Did you know that Mrs. Meyer is a real lady. A real lady from the coolest state around. (Iowa, just so we're clear.) Thelma Meyer is the cutest and I want to go knock on her door. (Watch this video and you will too.)
Mrs. Meyer is a homemaker that has nine children. Nine. Oh my. Mrs. Meyer's Clean Day® started when one of Thelma's nine children was walking down the cleaning aisle eying all of the cleaning products with their harsh, stinky chemicals. She decided to make cleaning products that smell like the garden but still "work like the dickens on dirt and grime."
A few years ago I made the switch to safer cleaner products. My search for the best all purpose cleaner ended when I found Mrs. Meyer's Clean Day. Other products I tried just didn't clean like I wanted them to. I also think I psychologically need things to smell clean. Mrs. Meyer's Clean Day® scents include Lavendar, Lemon Verbana, Basil and Geranium just to name a few. They are all scents based off things found in her garden in Iowa. (My favorites are the Lavendar and Lemon Verbana. But Geranium takes me back to Summer which I am already longing for. Iowa Pine is a holiday favorite.) All of the products are earth-friendly, cruelty-free and not tested on animals yet they still clean like the dickens. (My newest favorite saying.)
Mrs. Meyer is an inspirational lady and she encourages everyone to find inspiration around them. It may not always be easy to find but it's there. For this post I was encouraged to look for inspiration in every day things and create a project inspired by the beauty in homemaking.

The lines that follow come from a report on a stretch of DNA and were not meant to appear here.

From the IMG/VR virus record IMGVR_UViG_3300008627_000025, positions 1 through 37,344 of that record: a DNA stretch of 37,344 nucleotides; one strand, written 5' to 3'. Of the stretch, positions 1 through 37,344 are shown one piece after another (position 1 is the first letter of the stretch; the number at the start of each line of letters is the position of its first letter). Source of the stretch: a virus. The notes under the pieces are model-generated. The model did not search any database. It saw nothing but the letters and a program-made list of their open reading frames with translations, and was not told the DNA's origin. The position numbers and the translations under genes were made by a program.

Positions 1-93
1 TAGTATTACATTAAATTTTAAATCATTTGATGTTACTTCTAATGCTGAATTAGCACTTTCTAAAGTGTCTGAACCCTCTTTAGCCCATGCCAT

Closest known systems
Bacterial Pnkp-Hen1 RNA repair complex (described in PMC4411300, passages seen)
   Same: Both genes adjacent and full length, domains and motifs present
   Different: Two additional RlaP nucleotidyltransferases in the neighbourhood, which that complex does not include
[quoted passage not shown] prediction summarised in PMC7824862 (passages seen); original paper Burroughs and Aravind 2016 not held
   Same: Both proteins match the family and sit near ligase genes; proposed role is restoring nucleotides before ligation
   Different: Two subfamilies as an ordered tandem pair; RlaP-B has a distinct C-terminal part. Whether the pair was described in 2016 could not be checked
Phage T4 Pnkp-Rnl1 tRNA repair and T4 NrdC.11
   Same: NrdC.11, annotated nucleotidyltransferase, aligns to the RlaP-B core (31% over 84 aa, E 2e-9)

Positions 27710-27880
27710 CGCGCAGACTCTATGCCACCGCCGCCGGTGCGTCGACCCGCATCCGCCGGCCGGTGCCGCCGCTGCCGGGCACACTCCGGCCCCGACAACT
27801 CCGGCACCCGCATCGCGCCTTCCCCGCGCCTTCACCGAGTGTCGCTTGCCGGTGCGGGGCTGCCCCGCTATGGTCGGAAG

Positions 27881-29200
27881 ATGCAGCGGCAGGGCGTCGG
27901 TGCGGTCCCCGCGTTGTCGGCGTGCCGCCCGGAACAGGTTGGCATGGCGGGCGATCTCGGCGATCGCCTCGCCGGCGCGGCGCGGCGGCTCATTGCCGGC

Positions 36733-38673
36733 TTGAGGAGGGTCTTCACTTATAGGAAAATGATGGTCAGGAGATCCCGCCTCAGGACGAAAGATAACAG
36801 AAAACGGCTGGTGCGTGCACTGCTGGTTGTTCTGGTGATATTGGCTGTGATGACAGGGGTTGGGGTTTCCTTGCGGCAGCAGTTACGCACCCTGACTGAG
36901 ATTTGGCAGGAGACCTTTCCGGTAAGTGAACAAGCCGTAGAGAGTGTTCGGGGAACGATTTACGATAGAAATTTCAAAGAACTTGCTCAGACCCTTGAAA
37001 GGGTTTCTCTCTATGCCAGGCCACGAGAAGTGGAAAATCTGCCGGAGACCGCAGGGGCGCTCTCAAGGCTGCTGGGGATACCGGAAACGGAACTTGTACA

I found the table cloth below at a local vintage store. It was so pretty. Upon further inspection, I noticed that the center was in pretty bad shape. There was a poor patch job and some stains. The edges were so pretty though and I had a plan.
The edges could easily be turned into dish towels. Dish towels can easily be turned into aprons. This vintage tablecloth was going to have a second life!
To make a dish towel, you simply cut a rectangle and hem the edges. This stuff isn't rocket science but it is a great way to salvage those old pieces.
To get a neat edge, I fold over one edge about 1/4" and then iron. I then fold that edge over again and sew. Do this on any unfinished edge. I kept any pre-finished edges from the tablecloth.
Easy peasy, right? And look how pretty it is!
So pretty that I whipped up a couple!
Dish towels make a great base for aprons. My motto is that one can never have too many aprons. Especially pretty ones made from vintage tablecloths.
To make the apron, you make a dish towel. (You can keep one long edge unfinished if you would like.) Grab either some ribbon or cut of your tablecloth. If you cut a piece, you can hem the edges for a clean look. I was lazy and just folded them under. I wrap the ribbon around my waist to determine how long I will need it. I usually go a little long on this step and cut any extra at the end.
I often add pleats to my aprons. Start by folding your dish towel in half. Pinch together the middle like the photo on the left below. Pin each fold.
Place two more pleats as show below. (I fold the half in half.)
Sew a straight line across.
Attach your ribbon to the dish towel by sewing a rectangle on the parts that touch.
I told you that was easy!
From one $6 tablecloth I was able to make an apron and four dish towels. Not too shabby! I'm now on a hunt for all of the vintage tablecloths in Iowa!
This project was a fun little reminder that homegrown inspiration is everywhere and in everyday items!
This is a sponsored post written by me on behalf of the Mrs. Meyer’s Clean Day®.